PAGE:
A process is a proper part of reasoning, I suggest, when it regularly and reliably supports better deliberation (either in a domain-general or a domain-specific manner). While we may investigate whether a process passes this test by gathering systematic data, we are often in a position to be confident that processes will pass it without the need for investigation. If we have good reason to believe that a particular mechanism is part of our evolved psychology, and that it is designed to contribute to information processing, then we should expect it to be partially constitutive of reasoning. Since reasoning is adaptive, for obvious reasons, mechanisms that cause us to reason badly will tend to be weeded out by natural selection. Admittedly, there are significant difficulties with this evolutionary justification for confidence that a mechanism is partially conducive of deliberation. Mechanisms may be deliberation-conducive only in the domains for which they are designed, and it is often tricky to delineate the domain. Nevertheless, matters are often clear enough that appeal to this evolutionary justification is sufficient to justify confidence in the claim that a particular mechanism is constitutive of reasoning.iii
Appeals to the mechanisms that weigh testimony by reference to their source are very plausibly appeals to mechanisms that are partially constitutive of rationality, because we likely have such mechanisms in virtue of the role they played in enabling better decision-making. As we saw above, these mechanisms are sensitive to the previous track record of the source. That is, very obviously, sensitivity to a property that is truth-conducive. We should put less weight on the testimony of those who are frequently wrong than those who have better records. Similarly, sensitivity to the ideological orientation of the source is also truth-conducive. We should be wary of the claims of people who lack benevolence towards us, because they may be motivated to exploit us. We also should put more stock in testimony from agents who have an incentive to reject the claim they affirm. Thresholds for being convinced of a claim are sensitive to the stakes for the person: it takes weaker evidence to convince people of claims they are motivated to accept than claims they are motivated to reject.12 ,32 When someone testifies that a claim is true and we have good reason to think that they are motivated to reject the claim, we should think that the evidence in favour of the claim is especially strong. Sensitivity to these properties is sensitivity to considerations that are relevant to the credence we should place on testimony. Appealing to them is appealing to capacities that have as their proper function the assessment of reasons for belief—a function that is obviously partially constitutive of reasoning—in their role as reasoning mechanisms.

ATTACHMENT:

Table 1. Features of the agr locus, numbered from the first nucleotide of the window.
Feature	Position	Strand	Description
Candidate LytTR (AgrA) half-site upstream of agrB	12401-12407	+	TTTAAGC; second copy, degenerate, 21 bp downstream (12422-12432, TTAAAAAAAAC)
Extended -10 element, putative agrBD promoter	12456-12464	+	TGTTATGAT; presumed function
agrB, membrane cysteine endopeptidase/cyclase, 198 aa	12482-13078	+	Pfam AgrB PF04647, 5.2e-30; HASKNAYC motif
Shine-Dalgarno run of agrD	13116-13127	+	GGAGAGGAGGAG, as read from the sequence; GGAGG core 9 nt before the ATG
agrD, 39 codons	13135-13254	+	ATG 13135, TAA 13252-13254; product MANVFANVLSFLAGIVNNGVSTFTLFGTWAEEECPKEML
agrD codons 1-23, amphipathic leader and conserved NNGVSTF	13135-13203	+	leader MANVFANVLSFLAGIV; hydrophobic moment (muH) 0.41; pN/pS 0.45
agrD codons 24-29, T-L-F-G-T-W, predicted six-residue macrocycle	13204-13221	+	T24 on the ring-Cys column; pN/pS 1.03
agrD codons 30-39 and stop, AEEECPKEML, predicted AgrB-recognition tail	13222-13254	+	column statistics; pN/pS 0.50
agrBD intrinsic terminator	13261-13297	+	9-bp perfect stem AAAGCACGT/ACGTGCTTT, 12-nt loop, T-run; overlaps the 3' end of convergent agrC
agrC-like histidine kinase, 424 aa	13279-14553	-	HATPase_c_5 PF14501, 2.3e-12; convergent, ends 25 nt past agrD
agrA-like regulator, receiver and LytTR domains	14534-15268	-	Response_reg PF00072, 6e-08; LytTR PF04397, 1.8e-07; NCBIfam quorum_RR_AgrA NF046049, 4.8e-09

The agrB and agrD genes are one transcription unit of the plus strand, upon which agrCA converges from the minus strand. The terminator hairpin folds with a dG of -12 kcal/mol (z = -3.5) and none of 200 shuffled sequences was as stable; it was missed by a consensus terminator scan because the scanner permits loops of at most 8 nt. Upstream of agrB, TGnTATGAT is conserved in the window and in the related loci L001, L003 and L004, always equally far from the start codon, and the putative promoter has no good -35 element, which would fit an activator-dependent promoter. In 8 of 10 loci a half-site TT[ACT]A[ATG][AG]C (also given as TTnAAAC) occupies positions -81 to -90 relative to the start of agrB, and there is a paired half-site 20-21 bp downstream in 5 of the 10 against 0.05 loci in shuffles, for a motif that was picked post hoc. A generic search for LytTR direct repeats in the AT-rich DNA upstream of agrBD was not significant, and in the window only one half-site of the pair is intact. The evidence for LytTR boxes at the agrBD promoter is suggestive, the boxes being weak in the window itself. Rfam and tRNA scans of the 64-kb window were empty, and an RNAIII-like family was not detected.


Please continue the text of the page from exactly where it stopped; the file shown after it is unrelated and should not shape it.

Nudges to reason are therefore appeals to our deliberative capacities. But if appeals to these mechanisms are appeals to our deliberative capacities, we should not think that in so appealing we fail to treat one another as responsible or autonomous agents. Nor should we think that appeals like these limit our substantive freedom; arguably, our freedom consists in the capacity to respond and react to reasons.22 Appeals to these capacities therefore enable responsible decision-making on the part of the agents whose capacities they are. As far as this set of interlinked considerations (autonomy; responsibility; dignity; freedom) are concerned, there is no reason to worry about nudges to reason. We should think that such nudges are permissible (perhaps we even have an obligation, stemming from the respect we owe to rational agents, to frame our arguments such that are maximally truth-conducive, and therefore to make such appeals).
That is not to say that all nudges that make us more sensitive to genuine evidence to reason are appeals to our deliberative capacities. There may be some that bypass these capacities. Some nudges might make us more sensitive to reason but fail to work through mechanisms partially constitutive of our rationality. Consider, for example, a mechanism that generates a preponderance of false positives, because in the environment of evolutionary adaptiveness false negatives were very costly and false positives very cheap. Such a mechanism is an adaptation, but plausibly it is not an adaptation for reasoning. It does not, regularly and reliably, allow us to track the truth. A nudge that appealed to this mechanism might, in particular instances, make us more sensitive to the actual reasons prevailing, but because the mechanism is not a proper part of our deliberative capacities, it could not be defended against worries concerning autonomy and responsibility on the grounds adduced here.iv
In this paper, I have identified a class of nudges, I call nudges to reason. Nudges to reason are distinguished from other nudges by the fact that they attempt to change behaviour by changing minds, and they change minds by making us more responsive to the genuine force of reasons. Perhaps there are nudges that make us more sensitive to genuine evidence that work by bypassing our deliberative capacities, but at least some such nudges appeal to capacities that are partially constitutive of these capacities. There is therefore no more reason to worry that such nudges undermine our autonomy or responsible agency than that arguments generally threaten these things.
I am grateful to the Wellcome Trust for supporting this work. I am also indebted to two reviewers of this journal for very helpful comments.
Funding Wellcome Trust (grant no. WT104848/Z/14/Z).
Competing interests None declared.
Provenance and peer review Not commissioned; externally peer reviewed.